Every NFL Draft prospect is at the precipice of fulfilling a lifelong dream. In that sense, every draft pick is a success story in its own right.
But the challenges those players face to reach this moment of opportunity are far from equal. Some have been proclaimed NFL material since their days attending summer football camps at major universities. Others have had to overcome personal turmoil that threatened to derail their professional prospects.
So while guys like Jared Goff and Carson Wentz get most of the media hype entering the NFL Draft, the greatest stories are often found among the athletes whose successes are a source of inspiration for the rest of us. Once the top couple picks in the draft are doled out, keep your eyes on these seven players with incredible stories behind their NFL pursuit.
Peyton Barber, Auburn
A lot of people thought Peyton Barber could have better NFL prospects by returning to Auburn and declaring for the draft next year. But after a 1,000-yard season for the Tigers, the running back decided his family situation couldn't be ignored any longer. At the NFL scouting combine, he explained his decision to come out early: His mom is currently homeless and needs his support.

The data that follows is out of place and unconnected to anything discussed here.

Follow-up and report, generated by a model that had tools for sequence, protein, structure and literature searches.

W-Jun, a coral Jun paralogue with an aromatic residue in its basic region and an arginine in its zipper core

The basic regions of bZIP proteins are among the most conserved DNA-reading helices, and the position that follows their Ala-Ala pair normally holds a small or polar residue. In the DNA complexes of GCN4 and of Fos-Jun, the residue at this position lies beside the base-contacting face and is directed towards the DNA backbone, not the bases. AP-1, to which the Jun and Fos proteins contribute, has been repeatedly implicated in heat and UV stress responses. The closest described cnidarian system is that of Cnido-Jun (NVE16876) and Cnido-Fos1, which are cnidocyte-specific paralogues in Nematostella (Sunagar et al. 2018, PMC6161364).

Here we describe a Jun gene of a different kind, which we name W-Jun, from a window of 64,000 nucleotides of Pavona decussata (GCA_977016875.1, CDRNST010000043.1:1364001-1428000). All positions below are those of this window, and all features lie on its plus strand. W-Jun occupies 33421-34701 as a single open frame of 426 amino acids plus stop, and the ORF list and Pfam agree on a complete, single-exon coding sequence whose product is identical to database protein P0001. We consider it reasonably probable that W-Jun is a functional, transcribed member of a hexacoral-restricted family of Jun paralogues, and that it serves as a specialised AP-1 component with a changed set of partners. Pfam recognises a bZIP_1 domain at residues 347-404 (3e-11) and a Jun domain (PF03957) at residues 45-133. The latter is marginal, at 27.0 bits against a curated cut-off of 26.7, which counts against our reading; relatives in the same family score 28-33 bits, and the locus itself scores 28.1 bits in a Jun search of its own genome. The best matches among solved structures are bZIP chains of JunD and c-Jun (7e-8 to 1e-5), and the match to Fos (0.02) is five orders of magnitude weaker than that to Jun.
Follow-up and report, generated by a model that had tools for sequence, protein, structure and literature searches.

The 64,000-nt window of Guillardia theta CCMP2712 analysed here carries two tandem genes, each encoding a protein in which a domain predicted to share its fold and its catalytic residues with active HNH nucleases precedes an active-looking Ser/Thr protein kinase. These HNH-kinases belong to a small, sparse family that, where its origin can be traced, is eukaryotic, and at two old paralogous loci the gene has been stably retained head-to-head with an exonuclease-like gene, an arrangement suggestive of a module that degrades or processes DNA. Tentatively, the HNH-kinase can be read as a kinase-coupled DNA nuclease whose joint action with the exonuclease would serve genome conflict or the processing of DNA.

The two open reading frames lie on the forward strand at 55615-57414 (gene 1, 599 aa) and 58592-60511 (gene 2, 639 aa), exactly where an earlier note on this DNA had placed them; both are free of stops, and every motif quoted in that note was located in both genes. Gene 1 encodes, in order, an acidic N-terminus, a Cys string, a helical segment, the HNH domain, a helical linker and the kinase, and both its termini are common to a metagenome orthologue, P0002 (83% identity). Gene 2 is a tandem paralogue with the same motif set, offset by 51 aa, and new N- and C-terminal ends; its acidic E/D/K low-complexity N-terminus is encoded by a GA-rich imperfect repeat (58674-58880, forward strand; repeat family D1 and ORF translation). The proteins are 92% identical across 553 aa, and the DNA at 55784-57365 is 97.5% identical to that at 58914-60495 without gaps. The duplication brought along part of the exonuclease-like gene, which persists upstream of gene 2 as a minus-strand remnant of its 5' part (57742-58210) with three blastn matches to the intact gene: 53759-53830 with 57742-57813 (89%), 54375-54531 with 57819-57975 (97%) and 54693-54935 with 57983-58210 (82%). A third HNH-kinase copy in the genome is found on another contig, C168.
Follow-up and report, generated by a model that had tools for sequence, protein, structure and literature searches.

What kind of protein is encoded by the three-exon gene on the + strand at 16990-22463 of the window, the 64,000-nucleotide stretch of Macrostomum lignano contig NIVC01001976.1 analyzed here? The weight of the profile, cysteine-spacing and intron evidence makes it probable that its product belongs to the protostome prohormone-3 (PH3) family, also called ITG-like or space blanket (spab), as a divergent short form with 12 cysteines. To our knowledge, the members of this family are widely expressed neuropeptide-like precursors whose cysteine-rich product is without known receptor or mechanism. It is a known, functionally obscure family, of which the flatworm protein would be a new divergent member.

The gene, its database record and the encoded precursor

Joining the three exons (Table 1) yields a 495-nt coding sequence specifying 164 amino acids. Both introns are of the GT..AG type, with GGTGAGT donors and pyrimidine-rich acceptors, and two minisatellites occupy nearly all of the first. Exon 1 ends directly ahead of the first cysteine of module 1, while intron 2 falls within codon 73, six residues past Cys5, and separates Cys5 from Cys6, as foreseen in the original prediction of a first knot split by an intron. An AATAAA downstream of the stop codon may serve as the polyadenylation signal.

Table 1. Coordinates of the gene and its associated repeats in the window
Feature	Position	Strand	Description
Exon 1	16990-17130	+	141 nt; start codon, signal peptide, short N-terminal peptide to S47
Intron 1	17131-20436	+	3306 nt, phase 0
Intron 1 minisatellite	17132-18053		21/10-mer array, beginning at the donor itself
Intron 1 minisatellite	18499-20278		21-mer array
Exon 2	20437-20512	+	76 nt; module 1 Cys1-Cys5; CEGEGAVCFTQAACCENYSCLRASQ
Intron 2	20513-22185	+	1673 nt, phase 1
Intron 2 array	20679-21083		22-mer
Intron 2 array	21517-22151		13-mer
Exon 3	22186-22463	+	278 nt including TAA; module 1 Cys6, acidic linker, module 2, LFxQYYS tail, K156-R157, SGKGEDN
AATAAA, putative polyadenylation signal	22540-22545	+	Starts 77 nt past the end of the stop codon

You can't blame Barber for his decision, even though he figures to be a late-round pick. If he can catch on with a team, it'll make a world of difference to his family.
"It touches my heart that he feels so deeply about wanting to take care of me," his mother, Lori Barber told AL.com. "Peyton is very quiet. ... I had no idea he was feeling that strongly as he was feeling until he decided to come out [for the draft]."
Jonathan Woodard, Central Arkansas
Barely recruited out of high school, Woodard has his life change in 2014, when his best friend Payne Shanafelt committed suicide. The experienced devastated Woodard, who had played with Shanafelt on their high school football team.
Woodard made two big changes: First, he changed his jersey number to the number Shanafelt wore in high school. Then, Woodard burst onto the scene in his final two seasons at UCA, racking up a combined 40 tackles for loss along with 25 sacks.
Woodard is projected as a late-round pick. He says the loss of Shanafelt was a driving force behind his success last season, as he continues to carry on the memory and legacy of his friend.
Great Ibe, Eastern Michigan
Most walk-ons are just happy to be there, eager to earn a scholarship down the road. Great Ibe did far much more: He took a walk-on spot at Eastern Michigan after transferring from Concordia University in Ann Arbor.
He arrived with nothing but a six-inch mattress topper, a TV set and a chair. But in three seasons he climbed to 11th all time on the EMU career tackles list, earning a scholarship along the way. Now, the son of Nigerian immigrants has molded himself into an NFL prospect.
Ibe has a chance to be taken late in the draft, but he says he won't be deterred if teams pass him by.
"My dream is to play in the NFL," Ibe tells MLive.com. "My dream isn't to get drafted, so how I get there, I don't care. I just want to get there."
Adrian Bellard, North Texas